Winter is not the best season for your garden, to the point that a large part of the autumn months is spent preparing the garden for winter, by sweeping leaves, doing last-minute lawn care and making sure that there is not too much extra work to do in the early bloom of spring.

A similar approach can be taken with patios as well. Even though the stone and concrete blocks are very strong and can weather the elements well, there are certain steps you can take to avoid potential cracking and weather damage that may require flags to be replaced in spring.

Sweep And Pressure Wash Your Patio

As you sweep leaves away from the lawn, make sure to do the same with the patio to avoid mould and algae from forming when spring arrives, which can cause some problems when it grows and spreads.

As well as this, use a pressure washer to give your patio an intense, deep clean that will help to remove even the slightest bit of dirt and debris.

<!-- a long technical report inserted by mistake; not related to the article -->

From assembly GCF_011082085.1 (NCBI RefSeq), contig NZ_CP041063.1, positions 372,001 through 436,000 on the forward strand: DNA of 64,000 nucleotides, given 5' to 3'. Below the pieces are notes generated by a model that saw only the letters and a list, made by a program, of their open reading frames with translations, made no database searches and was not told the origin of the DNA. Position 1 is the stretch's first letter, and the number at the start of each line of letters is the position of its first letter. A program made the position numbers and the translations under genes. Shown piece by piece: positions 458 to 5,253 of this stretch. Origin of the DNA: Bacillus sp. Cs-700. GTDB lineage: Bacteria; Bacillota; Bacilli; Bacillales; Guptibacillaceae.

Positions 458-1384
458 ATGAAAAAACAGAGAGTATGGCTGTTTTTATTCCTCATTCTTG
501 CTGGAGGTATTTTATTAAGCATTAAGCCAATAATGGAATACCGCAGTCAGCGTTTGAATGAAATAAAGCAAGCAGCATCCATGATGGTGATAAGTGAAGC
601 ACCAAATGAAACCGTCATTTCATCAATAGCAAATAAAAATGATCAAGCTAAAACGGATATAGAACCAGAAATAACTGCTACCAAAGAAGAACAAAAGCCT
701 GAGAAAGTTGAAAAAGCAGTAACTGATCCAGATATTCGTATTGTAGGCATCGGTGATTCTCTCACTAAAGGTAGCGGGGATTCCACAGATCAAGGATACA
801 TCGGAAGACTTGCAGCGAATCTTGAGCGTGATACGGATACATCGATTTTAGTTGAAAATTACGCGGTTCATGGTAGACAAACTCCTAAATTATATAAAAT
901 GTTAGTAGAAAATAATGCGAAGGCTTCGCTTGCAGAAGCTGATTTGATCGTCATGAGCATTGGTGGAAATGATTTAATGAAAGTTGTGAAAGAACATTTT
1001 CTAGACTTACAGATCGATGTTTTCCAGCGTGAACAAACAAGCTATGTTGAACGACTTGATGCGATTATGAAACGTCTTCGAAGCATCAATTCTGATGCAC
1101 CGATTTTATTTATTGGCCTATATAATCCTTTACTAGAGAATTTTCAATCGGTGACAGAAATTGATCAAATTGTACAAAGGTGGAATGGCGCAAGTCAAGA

Keep the nozzle about a foot away from the surface of the stone to avoid causing damage to the surface or affecting the seal.

Consider Re-Sealing

A dedicated sealant is ideal for extending the lifespan of patio stone, intensifying the colour and reducing staining.

Typically you need to reseal the stone every three years, so if it has been a while since you have done so it may be worth resealing before winter to avoid any water getting in and causing damage through the freeze-thaw cycle.

Avoid The Salt

When particularly frozen temperatures come, one instinct that many people should avoid is reaching for the salt to melt the ice and frost, as well as grit the path.

The reason for this is that salt can do a lot of damage to patios and gardens alike.

It degrades the mortar holding the slabs together, can cause corrosion damage to the natural stone and can even seep into your lawn, causing damage to the roots of plants.

Instead, use anti-slip mats to get where you need to go and regularly move them to avoid dirt build-up.

For more information on patios in Lancashire, get in touch today.